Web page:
More than two million people are affected by liver disease in the UK. It is a major cause of premature death being the fifth ‘big killer’ – after heart disease, cancer, stroke and respiratory disease – killing more people than diabetes and road deaths combined, and resulting in 800,000 annual hospital admissions. The problem is growing, with twice as many people dying from liver disease now as in 1991, with three of the main causes being obesity, undiagnosed hepatitis infection and alcohol misuse.
Younger age groups are increasingly affected with 90 per cent dying under the age of 70 and more than one in 10 deaths in their 40s. Furthermore, patients often have complex end-of-life care needs with over 70 per cent dying in hospital.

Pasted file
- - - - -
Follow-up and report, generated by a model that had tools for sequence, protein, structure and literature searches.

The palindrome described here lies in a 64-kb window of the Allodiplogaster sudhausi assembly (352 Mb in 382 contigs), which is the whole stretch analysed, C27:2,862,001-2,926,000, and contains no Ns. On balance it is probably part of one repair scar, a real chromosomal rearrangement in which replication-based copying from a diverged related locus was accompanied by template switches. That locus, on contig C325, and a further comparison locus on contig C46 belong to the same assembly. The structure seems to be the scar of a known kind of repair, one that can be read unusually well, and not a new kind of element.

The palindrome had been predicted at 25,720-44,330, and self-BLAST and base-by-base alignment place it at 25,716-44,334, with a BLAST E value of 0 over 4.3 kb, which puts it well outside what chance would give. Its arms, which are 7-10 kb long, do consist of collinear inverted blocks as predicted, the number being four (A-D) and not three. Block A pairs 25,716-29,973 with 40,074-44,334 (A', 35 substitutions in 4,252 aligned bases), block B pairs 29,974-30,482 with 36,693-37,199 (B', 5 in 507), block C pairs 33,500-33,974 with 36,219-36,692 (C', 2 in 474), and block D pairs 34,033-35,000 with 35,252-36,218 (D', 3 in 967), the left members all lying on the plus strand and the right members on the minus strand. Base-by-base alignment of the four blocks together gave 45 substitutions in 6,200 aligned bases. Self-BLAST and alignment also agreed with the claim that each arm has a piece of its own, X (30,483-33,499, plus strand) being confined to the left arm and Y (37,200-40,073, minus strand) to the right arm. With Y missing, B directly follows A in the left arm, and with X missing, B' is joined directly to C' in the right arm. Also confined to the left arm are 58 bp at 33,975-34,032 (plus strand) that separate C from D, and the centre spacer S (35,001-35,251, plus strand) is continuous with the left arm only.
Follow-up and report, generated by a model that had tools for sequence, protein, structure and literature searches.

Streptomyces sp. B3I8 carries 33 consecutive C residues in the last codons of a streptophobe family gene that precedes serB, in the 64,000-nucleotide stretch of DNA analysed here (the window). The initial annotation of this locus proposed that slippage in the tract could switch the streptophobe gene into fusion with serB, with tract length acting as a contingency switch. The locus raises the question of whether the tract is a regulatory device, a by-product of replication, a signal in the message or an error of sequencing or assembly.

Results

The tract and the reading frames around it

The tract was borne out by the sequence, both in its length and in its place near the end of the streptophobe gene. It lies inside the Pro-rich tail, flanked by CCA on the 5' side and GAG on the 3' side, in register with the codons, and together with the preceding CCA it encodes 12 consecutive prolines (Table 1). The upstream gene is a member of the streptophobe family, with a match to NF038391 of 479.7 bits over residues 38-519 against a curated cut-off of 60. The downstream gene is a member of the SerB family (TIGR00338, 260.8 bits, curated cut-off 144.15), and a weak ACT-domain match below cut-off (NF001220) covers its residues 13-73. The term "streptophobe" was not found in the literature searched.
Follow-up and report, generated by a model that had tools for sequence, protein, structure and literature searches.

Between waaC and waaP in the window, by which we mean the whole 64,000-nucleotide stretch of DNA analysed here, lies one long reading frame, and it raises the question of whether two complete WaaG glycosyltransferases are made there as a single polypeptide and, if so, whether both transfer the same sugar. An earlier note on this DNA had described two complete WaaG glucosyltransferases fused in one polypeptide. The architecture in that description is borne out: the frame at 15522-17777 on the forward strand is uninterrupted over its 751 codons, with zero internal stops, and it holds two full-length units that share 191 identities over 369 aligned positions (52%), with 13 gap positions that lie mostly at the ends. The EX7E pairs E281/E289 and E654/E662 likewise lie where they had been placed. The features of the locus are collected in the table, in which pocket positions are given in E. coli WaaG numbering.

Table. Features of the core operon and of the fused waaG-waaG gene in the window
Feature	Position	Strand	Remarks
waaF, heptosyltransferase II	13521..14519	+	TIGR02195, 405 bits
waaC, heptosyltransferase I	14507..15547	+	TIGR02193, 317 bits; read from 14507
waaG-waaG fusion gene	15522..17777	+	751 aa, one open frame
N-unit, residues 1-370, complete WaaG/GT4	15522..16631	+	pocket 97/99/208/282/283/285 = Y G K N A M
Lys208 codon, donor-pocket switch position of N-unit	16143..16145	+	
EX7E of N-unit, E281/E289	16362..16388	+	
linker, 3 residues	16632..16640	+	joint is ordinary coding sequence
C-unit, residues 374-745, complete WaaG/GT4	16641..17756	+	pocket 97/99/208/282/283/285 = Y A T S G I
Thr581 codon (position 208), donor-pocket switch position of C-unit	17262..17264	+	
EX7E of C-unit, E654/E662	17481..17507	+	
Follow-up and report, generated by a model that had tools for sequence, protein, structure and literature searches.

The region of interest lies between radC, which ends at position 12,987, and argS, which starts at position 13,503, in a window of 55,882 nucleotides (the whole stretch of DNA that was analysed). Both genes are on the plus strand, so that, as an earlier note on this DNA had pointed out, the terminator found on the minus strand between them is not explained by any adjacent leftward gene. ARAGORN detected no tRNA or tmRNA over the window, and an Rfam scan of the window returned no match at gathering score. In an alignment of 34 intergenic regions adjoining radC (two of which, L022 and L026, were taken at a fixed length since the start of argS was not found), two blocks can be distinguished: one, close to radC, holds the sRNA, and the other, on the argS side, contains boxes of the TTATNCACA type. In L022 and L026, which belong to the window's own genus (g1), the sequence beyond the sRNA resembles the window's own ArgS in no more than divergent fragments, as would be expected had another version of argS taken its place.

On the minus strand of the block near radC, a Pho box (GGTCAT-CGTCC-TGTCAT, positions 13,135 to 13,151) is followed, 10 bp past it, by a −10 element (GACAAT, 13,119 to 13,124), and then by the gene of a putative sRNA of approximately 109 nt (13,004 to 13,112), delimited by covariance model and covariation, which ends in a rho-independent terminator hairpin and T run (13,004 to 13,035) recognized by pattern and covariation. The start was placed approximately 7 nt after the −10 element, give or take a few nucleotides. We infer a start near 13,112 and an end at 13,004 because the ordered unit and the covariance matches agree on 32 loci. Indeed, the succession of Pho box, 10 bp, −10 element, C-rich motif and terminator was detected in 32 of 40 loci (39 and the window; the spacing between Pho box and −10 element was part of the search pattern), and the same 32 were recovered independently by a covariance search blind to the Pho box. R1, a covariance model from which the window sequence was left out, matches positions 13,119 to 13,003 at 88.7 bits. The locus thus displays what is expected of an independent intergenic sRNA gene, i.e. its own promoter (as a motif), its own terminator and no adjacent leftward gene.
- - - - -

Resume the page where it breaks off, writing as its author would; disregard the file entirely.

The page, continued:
The liver performs hundreds of complex functions, including fighting infection, removing toxins and controlling cholesterol levels. But liver disease doesn’t usually cause any obvious signs or symptoms until it’s fairly advanced and the liver is damaged. Patients with terminal liver failure can only be saved by receiving a liver transplant, but 20 per cent die whilst on the waiting list, and many more are never even considered for transplantation because of the strict inclusion criteria imposed by the shortage of organs. Consequently, there is a need for alternative approaches to organ provision, including the concept of growing livers in laboratory conditions.
….Dr Huguet is leading a team to develop a reliable technique for removing cells in livers leaving behind the three-dimensional matrix on which the cells reside. Dr Huguet explains: “Organs consist of cells housed in a three dimensional framework. By removing cells from livers unsuitable for transplantation it may be possible to produce a ‘scaffold’ which can then be ‘seeded’ with stems cells, the cells that have the potential to develop into many different cells, with the objective of growing new, working livers.”Share